As Olympics ends, hacktivism is threat for next big events

The Rio Olympics of 2016 has, at least in sporting terms, been a success with many thrilling events and winners. But the backdrop of social breakdown and protests in the country have also made it controversial and security has been brought into question even if, thankfully, tragedies have been avoided.

But the challenge is not just physical. Ever since the World Wide Web became ubiquitous, these events have been under siege digitally. At every Olympics, football World Cup or other major sporting occasion, attackers try to take down websites, get their messages across, and steal data and identities. To find out if Brazil had been any different I called one of the most plain-spoken experts on cybersecurity today: Thomas Fischer, principal threat researcher at Digital Guardian, a Waltham, Massachusetts-headquartered maker of data loss prevention software.

I started with a moan: at every major sporting event, organisers insist that cybersecurity threats are rising, citing skyscraper growth in the number of attacks they have detected and blocked – is the issue really growing or are we just counting every small, morphing challenge as a new issue?

“It’s familiar territory,” says Fischer with admirable frankness, “but these big events just attract more of it. It’s all a bit of an aspect of today’s society with free WiFi at events and everybody using Snapchat and Facebook. There are tools to make it easier to set up [threats] now you have more users and more devices that have access.”

But what is really different about Rio and forthcoming events is politics, Fischer suggests, and certainly some of the forthcoming hosts are controversial. Vladimir Putin’s Russia, set to host the 2018 World Cup, is again creating a furore; Qatar’s selection as 2022 World Cup host has caused dismay among liberals everywhere; and China won the bid for the 2022 Winter Olympics.

These effectively represent “new threat vectors” because people will have political or ethical motivations to hurt these events and their organisers, Fischer argues.

“There’s a lot of political strife in the background so we’re going to see a lot of hacktivism as [major events] go to places where certain groups [have disagreements with government strategy]. They’re going to want to bring that out.”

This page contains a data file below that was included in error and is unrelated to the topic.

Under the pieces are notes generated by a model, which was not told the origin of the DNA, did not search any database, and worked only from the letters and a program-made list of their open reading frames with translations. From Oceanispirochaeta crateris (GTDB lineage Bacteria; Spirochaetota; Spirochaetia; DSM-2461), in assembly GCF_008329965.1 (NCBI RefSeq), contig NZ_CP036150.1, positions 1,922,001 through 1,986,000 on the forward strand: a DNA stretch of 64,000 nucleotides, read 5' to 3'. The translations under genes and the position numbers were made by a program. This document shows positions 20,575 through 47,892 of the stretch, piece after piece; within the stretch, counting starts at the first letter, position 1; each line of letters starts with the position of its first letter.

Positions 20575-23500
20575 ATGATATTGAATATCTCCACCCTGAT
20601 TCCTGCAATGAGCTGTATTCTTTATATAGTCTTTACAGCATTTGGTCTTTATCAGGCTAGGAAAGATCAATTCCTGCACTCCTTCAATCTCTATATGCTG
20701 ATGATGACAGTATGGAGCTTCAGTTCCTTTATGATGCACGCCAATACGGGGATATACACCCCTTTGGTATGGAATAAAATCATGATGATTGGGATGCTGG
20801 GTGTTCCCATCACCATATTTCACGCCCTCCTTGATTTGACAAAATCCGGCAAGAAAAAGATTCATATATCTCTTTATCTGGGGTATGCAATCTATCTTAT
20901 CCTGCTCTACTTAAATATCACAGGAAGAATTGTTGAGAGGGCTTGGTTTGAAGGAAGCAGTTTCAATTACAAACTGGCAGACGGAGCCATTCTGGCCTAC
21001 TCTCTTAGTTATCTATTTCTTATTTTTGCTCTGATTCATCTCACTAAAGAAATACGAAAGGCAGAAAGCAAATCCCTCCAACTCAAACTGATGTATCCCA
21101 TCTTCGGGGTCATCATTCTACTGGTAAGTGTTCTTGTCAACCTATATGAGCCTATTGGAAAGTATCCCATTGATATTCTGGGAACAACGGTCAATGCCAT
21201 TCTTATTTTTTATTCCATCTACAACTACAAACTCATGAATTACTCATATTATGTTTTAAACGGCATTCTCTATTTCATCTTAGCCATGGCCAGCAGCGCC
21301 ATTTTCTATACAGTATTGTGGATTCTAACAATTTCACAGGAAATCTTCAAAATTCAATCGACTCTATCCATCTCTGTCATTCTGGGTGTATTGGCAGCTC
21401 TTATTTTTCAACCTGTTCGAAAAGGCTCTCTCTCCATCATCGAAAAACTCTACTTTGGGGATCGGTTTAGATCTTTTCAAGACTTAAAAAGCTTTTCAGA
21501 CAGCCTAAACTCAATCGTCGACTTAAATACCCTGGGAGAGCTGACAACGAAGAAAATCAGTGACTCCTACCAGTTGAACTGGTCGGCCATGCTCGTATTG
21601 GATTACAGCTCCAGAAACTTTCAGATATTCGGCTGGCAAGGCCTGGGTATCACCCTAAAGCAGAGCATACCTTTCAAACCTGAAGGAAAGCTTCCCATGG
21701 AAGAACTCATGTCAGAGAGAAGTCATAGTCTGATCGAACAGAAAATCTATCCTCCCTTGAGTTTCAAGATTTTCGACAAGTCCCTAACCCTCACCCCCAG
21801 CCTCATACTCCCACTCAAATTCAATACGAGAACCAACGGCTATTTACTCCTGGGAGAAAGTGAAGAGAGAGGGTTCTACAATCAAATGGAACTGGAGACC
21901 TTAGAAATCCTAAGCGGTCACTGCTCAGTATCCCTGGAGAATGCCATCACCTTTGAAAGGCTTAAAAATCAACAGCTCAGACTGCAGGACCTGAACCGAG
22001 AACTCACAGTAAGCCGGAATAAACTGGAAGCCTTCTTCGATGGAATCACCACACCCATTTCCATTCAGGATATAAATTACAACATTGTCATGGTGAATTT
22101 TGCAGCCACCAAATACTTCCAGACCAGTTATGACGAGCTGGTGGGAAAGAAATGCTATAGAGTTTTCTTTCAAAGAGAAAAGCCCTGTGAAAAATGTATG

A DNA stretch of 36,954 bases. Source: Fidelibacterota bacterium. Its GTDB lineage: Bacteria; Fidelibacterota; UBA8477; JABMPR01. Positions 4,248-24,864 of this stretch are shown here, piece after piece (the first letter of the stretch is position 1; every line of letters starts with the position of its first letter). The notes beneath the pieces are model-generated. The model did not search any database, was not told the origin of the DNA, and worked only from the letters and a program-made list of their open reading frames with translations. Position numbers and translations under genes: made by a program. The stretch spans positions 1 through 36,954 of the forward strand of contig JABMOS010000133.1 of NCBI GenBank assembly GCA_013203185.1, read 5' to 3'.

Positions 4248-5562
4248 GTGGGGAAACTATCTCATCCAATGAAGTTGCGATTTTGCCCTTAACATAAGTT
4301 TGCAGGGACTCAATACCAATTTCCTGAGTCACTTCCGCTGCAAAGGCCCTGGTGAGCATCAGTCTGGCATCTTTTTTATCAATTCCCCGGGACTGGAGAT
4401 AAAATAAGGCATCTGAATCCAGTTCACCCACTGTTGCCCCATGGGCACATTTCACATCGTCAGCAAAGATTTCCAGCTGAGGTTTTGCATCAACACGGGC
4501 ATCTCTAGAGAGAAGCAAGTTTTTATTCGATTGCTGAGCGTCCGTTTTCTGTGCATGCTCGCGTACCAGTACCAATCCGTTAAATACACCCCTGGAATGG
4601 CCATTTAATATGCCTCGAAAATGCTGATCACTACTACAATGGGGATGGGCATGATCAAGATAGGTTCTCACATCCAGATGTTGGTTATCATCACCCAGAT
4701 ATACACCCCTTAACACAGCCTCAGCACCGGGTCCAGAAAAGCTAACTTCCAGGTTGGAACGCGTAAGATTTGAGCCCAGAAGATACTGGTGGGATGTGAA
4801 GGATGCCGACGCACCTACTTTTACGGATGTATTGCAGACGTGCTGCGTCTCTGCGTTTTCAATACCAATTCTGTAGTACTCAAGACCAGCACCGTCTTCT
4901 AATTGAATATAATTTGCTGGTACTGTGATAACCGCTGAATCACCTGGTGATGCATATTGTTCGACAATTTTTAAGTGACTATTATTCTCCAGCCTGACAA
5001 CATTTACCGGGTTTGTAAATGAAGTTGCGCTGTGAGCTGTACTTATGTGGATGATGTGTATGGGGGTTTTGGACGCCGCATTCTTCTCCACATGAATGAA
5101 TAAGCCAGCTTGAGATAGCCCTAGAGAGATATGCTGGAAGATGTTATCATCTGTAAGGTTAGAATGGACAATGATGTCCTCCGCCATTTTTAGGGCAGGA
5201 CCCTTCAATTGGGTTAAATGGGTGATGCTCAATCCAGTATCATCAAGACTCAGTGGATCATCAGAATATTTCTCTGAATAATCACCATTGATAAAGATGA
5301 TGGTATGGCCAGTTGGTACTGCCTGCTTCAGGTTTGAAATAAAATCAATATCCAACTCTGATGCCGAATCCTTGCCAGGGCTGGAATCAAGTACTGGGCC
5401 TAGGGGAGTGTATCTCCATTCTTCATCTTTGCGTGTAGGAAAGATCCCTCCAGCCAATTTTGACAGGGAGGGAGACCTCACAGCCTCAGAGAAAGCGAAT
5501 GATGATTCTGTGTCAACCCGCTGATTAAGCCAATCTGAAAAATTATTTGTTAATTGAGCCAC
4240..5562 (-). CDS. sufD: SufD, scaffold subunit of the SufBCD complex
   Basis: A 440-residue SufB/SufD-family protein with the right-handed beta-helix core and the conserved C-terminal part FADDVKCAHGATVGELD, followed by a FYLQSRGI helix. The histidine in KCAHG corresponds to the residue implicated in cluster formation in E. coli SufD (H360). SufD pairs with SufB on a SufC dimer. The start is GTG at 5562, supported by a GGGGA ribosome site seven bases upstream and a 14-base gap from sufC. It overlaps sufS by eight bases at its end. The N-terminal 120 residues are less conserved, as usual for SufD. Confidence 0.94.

If today’s geopolitical environment creates a challenging environment then the laundry list of technical threats add to the challenge. Fischer says that one increasing threat might be compromises aimed at senior figures who have inside information on how systems are designed.

“[Event organisers] have got pretty good teams but if I wanted to make the countries look bad I’d be targeting government agencies and how they organised shortcuts, or how they built the organisation.”

As for today, ticketing scams, intercepting broadcast video streams and attempts to lure users into clicking on what might appear to be attractive content all remain live threats aimed at a huge audience of “more susceptible individuals”, Fischer says. One way to mitigate this is education and Fischer praises the UK for its work in trying to make citizens understand digital dangers. “The UK is one of the few countries in the world where you’re doing some of the cybersecurity awareness. Even in the US it’s pretty weak and you won’t find that in Brazil.”

As phishing attacks and other approaches become more sophisticated it’s hard even for educated users to stay safe. “I regularly get bank phishing attacks where they look like they’re coming from the bank,” Fischer says. “They’re more professional than a few years ago.”

He is partly sympathetic to what might be a growing school of thought: that end-users have to be held accountable for their actions. He says that he was recently on a flight when passengers blithely ignored instructions to turn off cellphones, preferring to continue updating Facebook.

“If you drive drunk you potentially lose your licence - right now there’s no responsibility on the end user. Where should we put the responsibility? To me it’s a combination of the provider and the end user.”

Fischer said a recent plan to automate bank account applications had “sent shivers down my back … it’s going to attract so many fraudulent applications and whose fault is it then?”

And he isn’t optimistic about a finish to the constant stream of security challenges: “Will it end? No, there’s too much money around. We’re running around in circles.”


Also read:

Digital citizenship rises in Brazil amid unrest

Brazil: How cybercriminals may take advantage of a political crisis

Brazil’s IT sector remains steadfast despite economic decline

Brazil lures youth with IT learning schemes to fill skills gap

Teleradiology company helps solve radiologist shortage in Brazil

Is Brazil tech-ready for the 2016 Olympics?


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Martin Veitch

Martin Veitch is Contributing Editor for IDG Connect

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